Home About us Editorial board Search Browse articles Submit article Instructions Contacts Login 
Users Online: 1003
Home Print this page Email this page


Previous article Browse articles Next article 
J Edu Health Promot 2018,  7:119

Sabbatical as a part of the academic excellence journey: A narrative qualitative study

1 Health Management and Economics Research Center, Isfahan University of Medical Sciences, Isfahan, Iran; School of Nursing, Center for Global Initiative, Johns Hopkins University, Baltimore, MD, USA
2 School of Nursing, Center for Global Initiative, Johns Hopkins University, Baltimore, MD, USA

Date of Submission25-Apr-2018
Date of Acceptance28-May-2018
Date of Web Publication14-Sep-2018

Correspondence Address:
Prof. Mohammad H Yarmohammadian
Health Management and Economics Research Center, Isfahan University of Medical Sciences, Isfahan, Iran

Login to access the Email id

Source of Support: None, Conflict of Interest: None

DOI: 10.4103/jehp.jehp_70_18

Rights and Permissions

INTRODUCTION: Sabbaticals were first offered by Harvard University in the late 17th century to provide “renewal” for faculty members. In this period of career development, a professor might learn new techniques, expand a research program, or finish off that book or pile of languishing manuscripts. This article tried to organize lived experiences of a visiting scholar from Isfahan University of Medical Sciences to Johns Hopkins University. The research aimed to study the context and conditions of the sabbatical in an alternative academic setting.
METHODS: This article applies a narrative qualitative study integrated with Eisner critical and connoisseurship approach as a combined naturalistic methodology. Using narrative inquiry and reflective analysis in form of observations and audit reports, written dairy notes and memos, the content analyzed thematically and extracted the themes of lived experiences as well as lessons learned and then have been transformed into tables.
RESULTS: Extracted themes from research sources are categorized into three main themes: organizational and professional experiences; teaching, instruction, and curricular experiences; and research and technology management experiences. These are resulted in the explanation of the field and events (description), discussion about them (interpretation), followed by concluding remarks (evaluation). . It also represents research questions and findings in descriptive and interpretation phases.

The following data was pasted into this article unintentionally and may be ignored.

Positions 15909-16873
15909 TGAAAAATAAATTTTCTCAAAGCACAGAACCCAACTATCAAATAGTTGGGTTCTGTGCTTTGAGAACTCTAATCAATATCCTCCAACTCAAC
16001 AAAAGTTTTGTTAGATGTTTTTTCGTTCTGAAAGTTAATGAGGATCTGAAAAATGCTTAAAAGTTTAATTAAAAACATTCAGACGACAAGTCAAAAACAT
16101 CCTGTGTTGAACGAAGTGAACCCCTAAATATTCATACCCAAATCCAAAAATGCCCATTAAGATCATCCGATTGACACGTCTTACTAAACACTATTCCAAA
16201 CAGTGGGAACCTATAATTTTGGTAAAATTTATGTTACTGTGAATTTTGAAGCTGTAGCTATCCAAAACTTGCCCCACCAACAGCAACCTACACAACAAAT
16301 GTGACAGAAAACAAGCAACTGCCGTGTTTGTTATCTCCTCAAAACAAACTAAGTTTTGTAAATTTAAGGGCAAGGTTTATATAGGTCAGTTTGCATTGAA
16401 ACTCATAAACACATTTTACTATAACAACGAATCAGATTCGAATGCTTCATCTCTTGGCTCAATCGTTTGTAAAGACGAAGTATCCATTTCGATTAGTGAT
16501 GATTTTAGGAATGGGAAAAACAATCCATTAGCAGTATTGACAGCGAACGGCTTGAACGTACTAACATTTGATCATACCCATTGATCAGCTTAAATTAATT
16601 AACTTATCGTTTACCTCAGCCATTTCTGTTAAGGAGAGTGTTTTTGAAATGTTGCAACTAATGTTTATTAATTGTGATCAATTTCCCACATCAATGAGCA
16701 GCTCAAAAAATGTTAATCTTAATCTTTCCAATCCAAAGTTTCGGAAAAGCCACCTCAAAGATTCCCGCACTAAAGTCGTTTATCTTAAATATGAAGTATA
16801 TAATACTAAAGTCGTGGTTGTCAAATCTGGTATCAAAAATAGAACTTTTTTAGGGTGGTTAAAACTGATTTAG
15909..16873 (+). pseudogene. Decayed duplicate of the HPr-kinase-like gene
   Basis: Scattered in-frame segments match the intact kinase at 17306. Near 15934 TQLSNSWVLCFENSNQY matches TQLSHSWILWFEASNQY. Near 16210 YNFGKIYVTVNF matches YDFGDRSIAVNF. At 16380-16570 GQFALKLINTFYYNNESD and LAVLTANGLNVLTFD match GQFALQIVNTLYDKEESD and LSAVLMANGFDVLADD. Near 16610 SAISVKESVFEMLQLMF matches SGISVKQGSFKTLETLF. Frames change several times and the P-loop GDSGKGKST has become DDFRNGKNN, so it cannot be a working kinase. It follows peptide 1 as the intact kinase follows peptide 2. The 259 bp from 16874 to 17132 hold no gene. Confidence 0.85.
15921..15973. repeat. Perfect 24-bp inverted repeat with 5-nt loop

DISCUSSION AND CONCLUSIONS: This article addresses some descriptions, interpretations, and evaluations extracted from the experiences through answering the research questions. It categorizes these practical lessons into three categories: (1) lessons about becoming a lifelong learner, (2) lessons about remaining a professor, and (3) innovative experiences.

Keywords: Academic development, academic journey, educational excellence, field report, higher education, medical education, observational study, sabbatical, sabbatical leave, visiting professor, visiting scholarship, visiting scientist

How to cite this article:
Yarmohammadian MH, Davidson P, Yeh CH. Sabbatical as a part of the academic excellence journey: A narrative qualitative study. J Edu Health Promot 2018;7:119

How to cite this URL:
Yarmohammadian MH, Davidson P, Yeh CH. Sabbatical as a part of the academic excellence journey: A narrative qualitative study. J Edu Health Promot [serial online] 2018 [cited 2019 May 23];7:119. Available from: http://www.jehp.net/text.asp?2018/7/1/119/241134

  Introduction Top

University life can be a grind of teaching, grant writing, and department politics, but every 7 years, faculty members get a magical opportunity that is coveted by nonacademics: sabbatical leave. In this period of career development, a professor might learn new techniques, expand a research program, or finish off that book or pile of languishing manuscripts. The dream starts with meticulous advanced planning, but ends best for those who are adaptable and open minded.”[1] Several universities across the world have been sending their faculty members on sabbatical study in titles such as sabbaticalee (sabbatical taker), visiting scholar, visiting scientist, or in medical disciplines as clinical, research, or teaching fellow or residents.